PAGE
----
How to Empower Students to See (and Fix) Their Mistakes

How to Empower Students to See (and Fix) Their Mistakes

Children make mistakes. Guess what? They’re supposed to! It’s how they learn. It’s their job. It’s our job as adults (teachers, administrators and parents) to recognize that truth, bring it to light, then counsel and direct them about their choices.

When we take the time, we can help students discover and verbalize alternative behavior, give them new tools to practice and release them to make better choices. 

As a high school and middle school administrator, I would say 90% of the students who come to my office either lie to my face or don’t tell the whole truth about why they’re there. Frankly, I can’t blame them. I wouldn’t want to be sitting in my office either. Once they are in that seat, it has all gone too far, and it’s now time for relatively serious consequences.

Many students don’t lie or tell half truths on purpose. They tell their truth. In their mind, their youthful perspective is right and very justified. Your goal is to help them see how different choices lead to different outcomes.

Children make mistakes. Guess what? They’re supposed to! (tweet this)

Below are a few steps I have used when direct with young people when they exhibit less than admirable behavior to help them make better choices.

First, get both parties in the room.

Set ground rules:

We will speak the truth.

We will admit mistakes.

We will listen and don’t interrupt.

We will learn something important before we leave this room.

Ask why they think they are sitting in front of you.

The first step to changing behavior with a young person is acknowledging their current behavior. Give them a few minutes to tell their side of the story. Listen. Don’t interrupt them.

You can even go a step further and have them write about the situation descriptively, read it back to them and begin discussing it further.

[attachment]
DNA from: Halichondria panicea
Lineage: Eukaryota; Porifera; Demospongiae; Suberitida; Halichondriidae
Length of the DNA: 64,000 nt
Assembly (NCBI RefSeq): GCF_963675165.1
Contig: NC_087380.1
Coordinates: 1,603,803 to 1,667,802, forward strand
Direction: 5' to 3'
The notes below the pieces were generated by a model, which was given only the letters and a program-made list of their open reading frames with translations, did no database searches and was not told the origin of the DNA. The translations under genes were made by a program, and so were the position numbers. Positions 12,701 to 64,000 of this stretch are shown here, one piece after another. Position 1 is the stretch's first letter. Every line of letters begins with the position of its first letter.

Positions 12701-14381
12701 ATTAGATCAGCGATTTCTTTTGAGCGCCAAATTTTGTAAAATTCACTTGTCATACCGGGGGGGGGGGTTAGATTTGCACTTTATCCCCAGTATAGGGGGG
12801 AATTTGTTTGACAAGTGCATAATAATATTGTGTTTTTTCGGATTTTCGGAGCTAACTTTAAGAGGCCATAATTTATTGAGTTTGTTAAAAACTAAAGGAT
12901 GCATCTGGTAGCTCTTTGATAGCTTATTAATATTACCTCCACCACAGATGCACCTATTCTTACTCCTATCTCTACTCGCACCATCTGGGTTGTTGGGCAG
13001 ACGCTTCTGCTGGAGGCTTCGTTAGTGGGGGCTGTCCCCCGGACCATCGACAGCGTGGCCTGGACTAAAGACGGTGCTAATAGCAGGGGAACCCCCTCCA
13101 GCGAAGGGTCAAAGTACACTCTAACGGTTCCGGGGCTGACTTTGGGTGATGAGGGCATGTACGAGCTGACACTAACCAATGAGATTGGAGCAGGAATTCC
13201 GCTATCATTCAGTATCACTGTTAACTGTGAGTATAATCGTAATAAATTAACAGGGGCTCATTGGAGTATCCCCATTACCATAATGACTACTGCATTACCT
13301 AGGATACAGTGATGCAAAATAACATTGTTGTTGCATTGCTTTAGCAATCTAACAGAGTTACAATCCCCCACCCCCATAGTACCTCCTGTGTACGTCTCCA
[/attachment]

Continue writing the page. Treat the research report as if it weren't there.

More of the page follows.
Review the entire situation with them.

“From where I’m sitting, this is what happened, and correct me if I’m wrong…”

Make sure they are confident you have an understanding of the event.

Uncover the “why dids.”

  • Why did you do that?
  • Why do you think he did that?
  • Why did you say that?
  • Why do you think he said that?

The why dids will allow you to access their personal belief system and will give you a starting point to begin allowing them to reflect on the choices they made.

Identify alternate responses.

Find an instance or two where either party could have made a different choice which would have deescalated the entire incident.

Ask:

  • If you said/did this rather than that, what sort of reaction do you think he would have had?
  • What could you have said/done differently in that situation to avoid the confrontation?

In most cases, both parties could have made better choices. Allow them to verbalize the choice or choices they need to make next time.

Always end with a “moving forward.”

Ask, “Do you feel like you can move forward now?”

A moving forward is like an ending review in a classroom. It provides an opportunity to revisit and cement in their minds the new tools they now have to deal with difficult situations should they arise again. (And they will, believe me. And that’s okay.)

Click on the image to download a printable PDF:

Managing Mistakes


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About Jeff Davis 10 Articles

With 14 years of experience in education in Florida and Tennessee, Jeff Davis is a middle school administrator, speaker and blogger whose passion is building lasting connections among teachers, students, parents and the community.